Ewan McGregor was born in Perthshire in 1971. An actor who has appeared in more than thirty films — Trainspotting, Velvet Goldmine, Moulin Rouge, and the second Star Wars trilogy among them — he rides an MV Augusta F4S and a KTM Duke. He lives in London with his wife and two daughters.
Charley Boorman was born in England, grew up in Ireland, and currently lives in London with his family. An actor whose first starring role was in Deliverance, he met his costar Ewan while shooting The Serpent's Kiss. He rides a Ducati 748 and is preparing for the 2006 Paris — Dakar rally, if his wife lets him.
|Long Way Round with Ewan McGregor and Charley Boorman|
Two men, four wheels and 20,000 miles.
This is the wonderful story of two friends, Charley Boorman and Ewan McGregor, and their round the world journey from London to New York. The route passes through Europe, Ukraine, Russia, Kazakhstan, Mongolia, Siberia, Alaska then down through Canada, the USA and finally to New York city. The journey was filmed and broken down into seven episodes and the DVD includes extra features and outtakes.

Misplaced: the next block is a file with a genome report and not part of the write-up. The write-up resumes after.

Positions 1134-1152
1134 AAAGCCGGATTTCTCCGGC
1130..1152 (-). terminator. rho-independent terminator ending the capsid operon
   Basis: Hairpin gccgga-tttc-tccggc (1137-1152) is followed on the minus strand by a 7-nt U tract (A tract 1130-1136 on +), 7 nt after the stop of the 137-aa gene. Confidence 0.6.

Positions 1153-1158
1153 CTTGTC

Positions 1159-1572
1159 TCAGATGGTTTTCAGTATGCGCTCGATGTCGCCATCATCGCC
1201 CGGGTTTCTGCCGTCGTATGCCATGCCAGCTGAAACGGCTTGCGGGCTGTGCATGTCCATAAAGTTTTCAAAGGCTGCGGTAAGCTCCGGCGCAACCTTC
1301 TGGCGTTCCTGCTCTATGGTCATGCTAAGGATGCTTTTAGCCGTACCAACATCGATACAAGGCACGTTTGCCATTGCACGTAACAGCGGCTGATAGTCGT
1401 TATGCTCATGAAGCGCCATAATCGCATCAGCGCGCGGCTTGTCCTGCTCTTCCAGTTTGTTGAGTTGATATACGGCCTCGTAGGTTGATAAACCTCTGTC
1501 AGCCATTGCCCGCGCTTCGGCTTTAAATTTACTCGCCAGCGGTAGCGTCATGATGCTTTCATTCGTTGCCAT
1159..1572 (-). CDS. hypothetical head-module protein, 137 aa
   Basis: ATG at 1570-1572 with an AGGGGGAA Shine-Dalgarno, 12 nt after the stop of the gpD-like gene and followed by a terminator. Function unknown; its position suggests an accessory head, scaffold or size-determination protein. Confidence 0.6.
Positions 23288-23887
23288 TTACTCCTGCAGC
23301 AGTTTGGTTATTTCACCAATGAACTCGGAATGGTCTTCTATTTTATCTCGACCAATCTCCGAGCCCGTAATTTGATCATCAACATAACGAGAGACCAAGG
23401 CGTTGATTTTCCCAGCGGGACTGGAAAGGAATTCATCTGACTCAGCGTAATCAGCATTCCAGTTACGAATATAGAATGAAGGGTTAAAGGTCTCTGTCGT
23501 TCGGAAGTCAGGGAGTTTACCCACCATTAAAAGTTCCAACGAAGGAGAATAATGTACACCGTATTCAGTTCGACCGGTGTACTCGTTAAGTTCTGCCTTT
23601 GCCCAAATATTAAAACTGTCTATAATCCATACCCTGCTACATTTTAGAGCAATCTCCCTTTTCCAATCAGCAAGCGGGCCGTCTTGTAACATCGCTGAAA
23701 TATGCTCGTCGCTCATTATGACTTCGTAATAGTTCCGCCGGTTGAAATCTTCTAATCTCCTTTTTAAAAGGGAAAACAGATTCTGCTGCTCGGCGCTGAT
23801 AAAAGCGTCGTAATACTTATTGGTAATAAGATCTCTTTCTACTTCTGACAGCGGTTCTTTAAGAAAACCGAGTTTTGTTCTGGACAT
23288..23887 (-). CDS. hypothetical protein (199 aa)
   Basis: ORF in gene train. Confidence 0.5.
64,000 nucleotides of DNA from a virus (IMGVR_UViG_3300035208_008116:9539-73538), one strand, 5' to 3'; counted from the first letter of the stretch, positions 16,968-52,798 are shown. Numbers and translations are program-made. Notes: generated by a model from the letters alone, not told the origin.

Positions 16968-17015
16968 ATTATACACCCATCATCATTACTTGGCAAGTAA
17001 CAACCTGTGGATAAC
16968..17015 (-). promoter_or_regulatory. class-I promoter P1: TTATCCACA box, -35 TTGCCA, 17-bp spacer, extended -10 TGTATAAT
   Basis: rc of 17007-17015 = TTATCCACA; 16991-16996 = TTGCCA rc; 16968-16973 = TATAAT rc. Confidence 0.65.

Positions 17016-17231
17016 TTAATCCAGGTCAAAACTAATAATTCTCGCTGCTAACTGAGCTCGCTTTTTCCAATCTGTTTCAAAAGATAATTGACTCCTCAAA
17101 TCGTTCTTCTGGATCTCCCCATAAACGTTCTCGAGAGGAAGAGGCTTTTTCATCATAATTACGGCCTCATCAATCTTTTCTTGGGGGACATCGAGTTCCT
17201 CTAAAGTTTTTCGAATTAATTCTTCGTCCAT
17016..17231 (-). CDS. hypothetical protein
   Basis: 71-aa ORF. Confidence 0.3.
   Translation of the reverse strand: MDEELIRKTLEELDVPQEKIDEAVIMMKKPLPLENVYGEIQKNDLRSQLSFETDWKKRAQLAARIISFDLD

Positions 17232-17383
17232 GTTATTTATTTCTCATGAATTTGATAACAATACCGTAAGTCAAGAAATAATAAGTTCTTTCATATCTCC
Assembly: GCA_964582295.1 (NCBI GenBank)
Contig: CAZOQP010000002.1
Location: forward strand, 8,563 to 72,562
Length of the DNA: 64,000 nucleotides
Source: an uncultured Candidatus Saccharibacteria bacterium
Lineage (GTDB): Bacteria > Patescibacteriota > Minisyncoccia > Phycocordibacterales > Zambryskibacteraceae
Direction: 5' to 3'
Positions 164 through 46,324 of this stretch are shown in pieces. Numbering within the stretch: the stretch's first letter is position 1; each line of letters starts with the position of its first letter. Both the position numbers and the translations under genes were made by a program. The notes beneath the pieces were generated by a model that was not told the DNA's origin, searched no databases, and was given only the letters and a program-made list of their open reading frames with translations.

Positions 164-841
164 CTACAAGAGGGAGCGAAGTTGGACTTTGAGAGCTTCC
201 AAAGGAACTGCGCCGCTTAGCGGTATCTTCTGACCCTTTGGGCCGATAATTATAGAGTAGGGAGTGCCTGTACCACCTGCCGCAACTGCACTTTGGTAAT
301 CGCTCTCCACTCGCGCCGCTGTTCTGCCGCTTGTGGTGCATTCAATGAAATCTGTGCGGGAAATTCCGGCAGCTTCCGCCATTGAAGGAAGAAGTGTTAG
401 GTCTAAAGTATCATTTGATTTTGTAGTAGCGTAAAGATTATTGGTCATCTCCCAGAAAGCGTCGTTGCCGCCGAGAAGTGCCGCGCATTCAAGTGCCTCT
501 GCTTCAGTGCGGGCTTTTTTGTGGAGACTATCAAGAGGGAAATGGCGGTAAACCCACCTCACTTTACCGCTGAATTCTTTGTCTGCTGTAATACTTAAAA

You don't need to be an off road fan or even a motorcycle enthusiast at all to enjoy this story. If you enjoy travel and television programmes such as Michael Palin's adventure series than you will find this journey fascinating.
This is no slick professional explorer tale but rather a heart warming battle across continents by two engaging and hilarious people. The preparation for the trip is well covered and the initial choice by Charley to use KTM bikes is thwarted by KTM themselves who tell the riders they will fail and refuse to supply them with bikes. The pair then go with Ewan's choice of BMW, a heavy option for some of the terrain but - cracked frames aside - the bikes get them across some of the hardest terrain on the planet.
Ewan and Charley raised awareness for charity UNICEF and the children they visited capture your heart. Watching this film leaves you feeling very good about life, peoples' honesty and motorcycles; a very nice feeling indeed.